On Sunday, the movement caught fire and demonstrations and rallies erupted in communities across the U.S. from city halls to airports to parks. In the nation’s capital, the site of the march that drew a crushing 500,000 people Jan. 21, Pennsylvania Avenue was shut down Sunday as thousands trekked from the White House to the U.S. Capitol. An energized crowd stopped outside Trump’s showcase hotel along the avenue to shake fists and chant “shame.”

You can see some really good pictures of the protests going on around the nation right here.

As I was going through articles about these protests today, I remember one woman holding up a sign that said “Remove Trump By Any Means Necessary”.

It doesn’t take much imagination to figure out what she was suggesting.

Visions of violence are dancing in the heads of these very frustrated people, and they are being egged on by top members of Congress such as Chuck Schumer…

    ‘These orders go against what America has always been about,’ Schumer told the crowd in Battery Park according to the New York Daily News. ‘The orders make us less humanitarian, less safe, less American and when it comes to making us less safe people forget this, that’s why so many of our military, intelligence, security, and law enforcement leaders are opposed to this order and all those like it.’

    Chelsea Clinton, the daughter of Trump’s presidential rival, Hillary, tweeted a picture from the rally. It was captioned: ‘Yes. We will keep standing up for a country that matches our values and ideals for all. #NewYork #NoBanNoWall.’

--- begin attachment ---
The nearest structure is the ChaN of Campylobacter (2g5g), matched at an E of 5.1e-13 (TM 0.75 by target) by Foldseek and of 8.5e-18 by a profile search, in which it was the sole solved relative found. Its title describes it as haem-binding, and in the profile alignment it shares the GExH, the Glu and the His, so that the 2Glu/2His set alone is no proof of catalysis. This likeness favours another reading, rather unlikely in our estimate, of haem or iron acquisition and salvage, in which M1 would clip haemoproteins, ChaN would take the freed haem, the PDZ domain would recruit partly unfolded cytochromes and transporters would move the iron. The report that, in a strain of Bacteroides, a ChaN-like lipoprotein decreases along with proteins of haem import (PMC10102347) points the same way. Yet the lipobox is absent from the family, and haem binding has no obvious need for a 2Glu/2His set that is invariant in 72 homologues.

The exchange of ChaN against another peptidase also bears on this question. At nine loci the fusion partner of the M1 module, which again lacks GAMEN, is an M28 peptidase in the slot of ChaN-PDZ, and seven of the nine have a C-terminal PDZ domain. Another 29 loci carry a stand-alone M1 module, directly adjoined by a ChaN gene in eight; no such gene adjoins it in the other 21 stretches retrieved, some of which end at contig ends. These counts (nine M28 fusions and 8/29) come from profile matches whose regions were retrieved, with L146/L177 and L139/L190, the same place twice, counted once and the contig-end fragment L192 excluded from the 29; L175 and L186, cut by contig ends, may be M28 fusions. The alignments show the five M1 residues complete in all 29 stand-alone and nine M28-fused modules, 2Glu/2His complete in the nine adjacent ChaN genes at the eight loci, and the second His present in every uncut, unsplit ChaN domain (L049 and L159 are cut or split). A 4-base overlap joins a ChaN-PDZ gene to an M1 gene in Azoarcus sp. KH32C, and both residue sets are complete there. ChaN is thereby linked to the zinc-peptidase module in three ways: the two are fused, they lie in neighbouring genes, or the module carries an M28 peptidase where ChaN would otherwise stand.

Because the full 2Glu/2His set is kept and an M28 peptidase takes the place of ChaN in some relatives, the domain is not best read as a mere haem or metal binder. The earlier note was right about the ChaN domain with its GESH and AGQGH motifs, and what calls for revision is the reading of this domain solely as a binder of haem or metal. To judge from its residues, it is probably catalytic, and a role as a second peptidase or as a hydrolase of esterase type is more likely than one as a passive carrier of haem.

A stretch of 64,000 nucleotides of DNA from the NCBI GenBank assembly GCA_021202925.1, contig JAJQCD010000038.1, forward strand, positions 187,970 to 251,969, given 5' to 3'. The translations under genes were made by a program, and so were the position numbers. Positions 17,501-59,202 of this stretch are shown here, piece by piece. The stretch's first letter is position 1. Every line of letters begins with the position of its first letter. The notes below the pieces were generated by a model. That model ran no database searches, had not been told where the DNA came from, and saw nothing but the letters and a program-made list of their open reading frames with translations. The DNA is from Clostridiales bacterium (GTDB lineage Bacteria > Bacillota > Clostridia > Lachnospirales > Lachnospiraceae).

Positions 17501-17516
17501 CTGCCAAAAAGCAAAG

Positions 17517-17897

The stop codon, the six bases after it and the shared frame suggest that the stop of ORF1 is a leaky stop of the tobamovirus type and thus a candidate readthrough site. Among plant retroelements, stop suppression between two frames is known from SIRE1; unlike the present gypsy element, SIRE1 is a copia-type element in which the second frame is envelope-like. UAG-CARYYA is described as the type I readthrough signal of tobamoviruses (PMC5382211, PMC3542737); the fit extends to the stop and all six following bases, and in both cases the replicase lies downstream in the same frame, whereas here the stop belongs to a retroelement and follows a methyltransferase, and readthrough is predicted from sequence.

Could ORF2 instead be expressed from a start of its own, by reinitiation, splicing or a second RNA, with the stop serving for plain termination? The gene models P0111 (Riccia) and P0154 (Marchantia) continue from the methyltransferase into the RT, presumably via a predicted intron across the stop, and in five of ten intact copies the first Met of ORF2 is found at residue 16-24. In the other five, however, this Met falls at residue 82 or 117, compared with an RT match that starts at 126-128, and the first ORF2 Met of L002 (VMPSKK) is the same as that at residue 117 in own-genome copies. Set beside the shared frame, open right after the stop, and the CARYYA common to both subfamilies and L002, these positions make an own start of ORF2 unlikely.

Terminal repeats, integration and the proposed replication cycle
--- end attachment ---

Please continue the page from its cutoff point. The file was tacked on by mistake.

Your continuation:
On Sunday, President Trump attempted to clarify what his executive order was really about and make it clear that it was not a ban on all Muslims.  The following comes from CNN…

    President Donald Trump insisted Sunday his travel ban on certain Muslim-majority nations would protect the United States from terrorists, after a weekend of outrage and confusion over the move.

    In an afternoon statement, Trump wrote the country would continue showing “compassion to those fleeing oppression.”

Unfortunately, polls show that somewhere around a third of the country greatly dislikes Trump, and those people are more than ready to believe that Trump is a racist bigot that hates all Muslims.

But the truth is that Trump does not hate any group of people.  His target is simply Islamic terror, and he is actually pro-immigration as long as it is legal immigration.